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Toetoe clump and plumes
Scientific classification
Kingdom: Plantae
(unranked): Angiosperms
(unranked): Monocots
(unranked): Commelinids
Order: Poales
Family: Poaceae
Subfamily: Danthonioideae
Tribe: Danthonieae
Genus: Austroderia

See text.

Austroderia is a genus of five species of tall grasses native to New Zealand, commonly known as toetoe (sometimes misspelled as "toitoi")[1] The species are A. toetoe, A. fulvida, A. splendens, A. richardii and A. turbaria. They were recently reclassified in 2011 from the Cortaderia genus .[2] The name toetoe comes from the Māori language.

Two closely related South America species are Cortaderia jubata and C. selloana (Pampas Grass), which have been introduced to New Zealand and are often mistaken for toetoe. These introduced species tend to take over from the native toetoe and are regarded as invasive weeds. Among the differences between Pampas, Toetoe has a drooping flower head, a cream coloured plume, and the leaves do not break when tugged firmly. Toetoe also has a white, waxy bloom on the leaf-sheath and conspicuous veins between the midrib and leaf margin.[1]

Common uses[edit]

The Māori used the toetoe leaves to make baskets, kites, mats, wall linings and roof thatching. It was also used to make containers to cook food in hot springs. The flower stalks were also useful - as frames for kites, and in tukutuku panelling. The seed heads themselves were used on fresh wounds to stop bleeding. Other medicinal uses included treatment of diarrhoea, kidney complaints, and burns. Toetoe is New Zealand's largest native grass, growing in clumps up to 3m in height.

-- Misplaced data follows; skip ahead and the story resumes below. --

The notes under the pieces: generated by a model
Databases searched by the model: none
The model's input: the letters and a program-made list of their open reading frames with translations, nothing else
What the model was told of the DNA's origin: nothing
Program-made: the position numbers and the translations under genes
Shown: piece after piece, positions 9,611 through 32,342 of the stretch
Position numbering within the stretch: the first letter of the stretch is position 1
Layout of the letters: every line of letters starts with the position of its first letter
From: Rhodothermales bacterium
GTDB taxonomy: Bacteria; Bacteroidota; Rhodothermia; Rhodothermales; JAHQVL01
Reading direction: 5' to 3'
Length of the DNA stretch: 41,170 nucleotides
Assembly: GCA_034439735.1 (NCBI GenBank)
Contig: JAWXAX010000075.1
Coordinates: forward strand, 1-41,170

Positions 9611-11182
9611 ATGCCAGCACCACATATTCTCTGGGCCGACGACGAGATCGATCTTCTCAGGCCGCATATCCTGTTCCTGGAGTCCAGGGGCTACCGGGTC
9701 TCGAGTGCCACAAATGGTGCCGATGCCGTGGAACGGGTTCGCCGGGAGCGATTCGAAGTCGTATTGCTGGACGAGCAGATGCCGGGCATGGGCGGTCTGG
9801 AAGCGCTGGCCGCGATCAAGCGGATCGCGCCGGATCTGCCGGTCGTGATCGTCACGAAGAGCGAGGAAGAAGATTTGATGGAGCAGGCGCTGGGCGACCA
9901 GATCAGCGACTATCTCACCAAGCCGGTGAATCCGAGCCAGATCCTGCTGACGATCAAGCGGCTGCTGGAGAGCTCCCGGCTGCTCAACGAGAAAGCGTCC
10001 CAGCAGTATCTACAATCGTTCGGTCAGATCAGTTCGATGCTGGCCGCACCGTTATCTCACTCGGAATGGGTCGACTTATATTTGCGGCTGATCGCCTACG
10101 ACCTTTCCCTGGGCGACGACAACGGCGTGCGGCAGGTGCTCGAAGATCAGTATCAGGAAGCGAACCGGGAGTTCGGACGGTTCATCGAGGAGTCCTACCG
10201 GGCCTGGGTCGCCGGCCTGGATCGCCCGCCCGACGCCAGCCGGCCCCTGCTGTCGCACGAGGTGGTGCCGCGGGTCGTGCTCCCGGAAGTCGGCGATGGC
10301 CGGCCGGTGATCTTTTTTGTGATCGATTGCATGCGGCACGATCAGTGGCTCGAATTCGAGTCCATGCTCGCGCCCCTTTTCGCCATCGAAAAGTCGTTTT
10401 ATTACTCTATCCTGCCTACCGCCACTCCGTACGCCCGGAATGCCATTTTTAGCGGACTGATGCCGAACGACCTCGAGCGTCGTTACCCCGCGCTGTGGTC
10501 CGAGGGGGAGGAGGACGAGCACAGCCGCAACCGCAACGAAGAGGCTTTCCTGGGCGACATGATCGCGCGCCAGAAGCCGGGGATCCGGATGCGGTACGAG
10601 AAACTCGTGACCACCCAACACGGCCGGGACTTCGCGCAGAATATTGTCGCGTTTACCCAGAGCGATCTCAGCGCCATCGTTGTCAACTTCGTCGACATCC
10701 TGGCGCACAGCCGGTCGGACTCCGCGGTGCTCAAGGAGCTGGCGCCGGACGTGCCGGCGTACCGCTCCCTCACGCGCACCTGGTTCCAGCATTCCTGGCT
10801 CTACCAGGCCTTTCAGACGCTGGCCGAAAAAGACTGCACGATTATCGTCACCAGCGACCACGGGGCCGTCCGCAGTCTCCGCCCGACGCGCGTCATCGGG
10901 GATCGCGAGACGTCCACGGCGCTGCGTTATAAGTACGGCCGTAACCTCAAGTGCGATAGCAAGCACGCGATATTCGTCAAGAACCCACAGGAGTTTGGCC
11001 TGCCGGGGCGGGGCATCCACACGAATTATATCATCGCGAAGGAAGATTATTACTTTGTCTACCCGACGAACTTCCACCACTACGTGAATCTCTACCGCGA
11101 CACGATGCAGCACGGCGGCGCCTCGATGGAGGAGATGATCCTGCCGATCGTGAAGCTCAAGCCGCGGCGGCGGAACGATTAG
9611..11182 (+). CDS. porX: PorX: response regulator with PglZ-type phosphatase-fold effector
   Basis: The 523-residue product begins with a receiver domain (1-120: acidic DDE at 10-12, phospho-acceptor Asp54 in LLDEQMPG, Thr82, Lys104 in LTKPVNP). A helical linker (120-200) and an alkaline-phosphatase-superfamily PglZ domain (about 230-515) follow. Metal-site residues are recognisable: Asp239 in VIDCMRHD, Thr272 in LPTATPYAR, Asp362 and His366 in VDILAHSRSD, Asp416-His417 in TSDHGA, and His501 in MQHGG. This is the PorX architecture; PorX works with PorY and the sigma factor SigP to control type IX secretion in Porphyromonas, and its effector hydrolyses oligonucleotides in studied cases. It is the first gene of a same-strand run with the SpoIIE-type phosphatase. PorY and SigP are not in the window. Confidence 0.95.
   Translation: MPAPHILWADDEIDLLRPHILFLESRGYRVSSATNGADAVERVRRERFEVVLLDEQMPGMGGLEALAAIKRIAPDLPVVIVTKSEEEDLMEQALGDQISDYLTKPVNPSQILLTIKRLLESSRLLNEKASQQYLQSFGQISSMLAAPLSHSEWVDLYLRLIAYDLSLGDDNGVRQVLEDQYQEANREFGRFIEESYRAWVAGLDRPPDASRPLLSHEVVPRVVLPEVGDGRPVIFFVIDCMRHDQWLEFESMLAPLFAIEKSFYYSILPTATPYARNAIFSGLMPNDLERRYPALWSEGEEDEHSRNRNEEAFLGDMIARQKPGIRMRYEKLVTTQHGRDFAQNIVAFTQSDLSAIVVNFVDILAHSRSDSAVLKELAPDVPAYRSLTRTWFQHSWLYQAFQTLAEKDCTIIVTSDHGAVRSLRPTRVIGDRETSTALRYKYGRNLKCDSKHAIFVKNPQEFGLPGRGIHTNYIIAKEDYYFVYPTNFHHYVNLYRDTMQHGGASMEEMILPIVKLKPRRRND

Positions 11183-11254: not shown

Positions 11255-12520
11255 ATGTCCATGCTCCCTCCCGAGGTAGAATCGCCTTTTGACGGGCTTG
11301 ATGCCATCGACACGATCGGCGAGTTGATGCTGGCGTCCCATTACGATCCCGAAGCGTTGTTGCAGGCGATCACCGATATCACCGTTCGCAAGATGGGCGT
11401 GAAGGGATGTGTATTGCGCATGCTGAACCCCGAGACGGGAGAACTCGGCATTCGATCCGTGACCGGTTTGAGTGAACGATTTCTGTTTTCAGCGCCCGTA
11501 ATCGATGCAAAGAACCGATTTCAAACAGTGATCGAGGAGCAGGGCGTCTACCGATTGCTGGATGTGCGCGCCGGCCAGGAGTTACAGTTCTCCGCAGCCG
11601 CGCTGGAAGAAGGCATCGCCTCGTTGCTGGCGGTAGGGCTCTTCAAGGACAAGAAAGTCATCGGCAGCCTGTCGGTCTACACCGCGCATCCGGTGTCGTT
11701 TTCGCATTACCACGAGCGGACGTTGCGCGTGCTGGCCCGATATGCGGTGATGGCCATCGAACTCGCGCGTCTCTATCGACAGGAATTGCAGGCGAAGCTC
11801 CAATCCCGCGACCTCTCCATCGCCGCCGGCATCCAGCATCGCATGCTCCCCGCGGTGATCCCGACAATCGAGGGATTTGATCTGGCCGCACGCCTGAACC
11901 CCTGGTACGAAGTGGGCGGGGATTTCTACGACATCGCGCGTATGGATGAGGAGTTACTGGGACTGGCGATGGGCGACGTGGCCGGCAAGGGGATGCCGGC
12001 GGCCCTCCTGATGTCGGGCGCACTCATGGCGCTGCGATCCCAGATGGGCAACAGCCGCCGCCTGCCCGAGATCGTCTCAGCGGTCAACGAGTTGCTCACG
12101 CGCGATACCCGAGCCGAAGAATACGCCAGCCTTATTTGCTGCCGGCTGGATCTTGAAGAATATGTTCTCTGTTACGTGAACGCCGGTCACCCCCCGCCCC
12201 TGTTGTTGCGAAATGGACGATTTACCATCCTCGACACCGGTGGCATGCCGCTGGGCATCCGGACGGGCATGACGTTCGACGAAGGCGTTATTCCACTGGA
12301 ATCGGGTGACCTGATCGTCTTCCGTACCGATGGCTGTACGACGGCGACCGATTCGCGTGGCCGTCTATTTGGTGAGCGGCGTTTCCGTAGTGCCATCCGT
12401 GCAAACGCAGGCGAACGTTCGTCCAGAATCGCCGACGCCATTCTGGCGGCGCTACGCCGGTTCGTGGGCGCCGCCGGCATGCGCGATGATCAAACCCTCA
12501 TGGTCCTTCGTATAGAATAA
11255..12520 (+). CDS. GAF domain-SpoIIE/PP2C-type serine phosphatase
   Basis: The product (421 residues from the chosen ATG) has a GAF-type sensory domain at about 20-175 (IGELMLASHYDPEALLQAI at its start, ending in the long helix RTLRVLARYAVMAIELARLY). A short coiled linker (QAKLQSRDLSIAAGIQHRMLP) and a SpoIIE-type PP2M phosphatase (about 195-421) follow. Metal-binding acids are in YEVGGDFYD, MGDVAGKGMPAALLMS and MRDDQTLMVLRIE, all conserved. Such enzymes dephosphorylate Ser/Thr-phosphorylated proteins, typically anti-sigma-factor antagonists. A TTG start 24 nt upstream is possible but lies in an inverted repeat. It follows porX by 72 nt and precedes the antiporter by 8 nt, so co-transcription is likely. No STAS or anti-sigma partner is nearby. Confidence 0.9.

Common names[edit]

Māori names including toetoe are: toetoe-kākaho, toetoe-mokoro, toetoe-rākau. The flower stem is kākaho.[1]

Toetoe is also known by its common name 'Toi toi' and 'Cutty grass', especially amongst children, because the serrated leaf edges that can inflict cuts to the human skin. This name is also used in New Zealand to refer to Gahnia setifola (mapere) and Cyperus ustulatus (upoko tangata).



  1. ^ a b c Toetoe, hosted on the NZ Landcare research Maanaki Whenua website. Page accessed 20 November 2010.
  2. ^ "Austroderia fulvida syn. Cortaderia fulvida". The Native Plant Centre Ltd. 2007. 
  3. ^ Lawrie Metcalf (1998). The Cultivation of New Zealand Native Grasses. Auckland, New Zealand: Random House. pp. 51–53.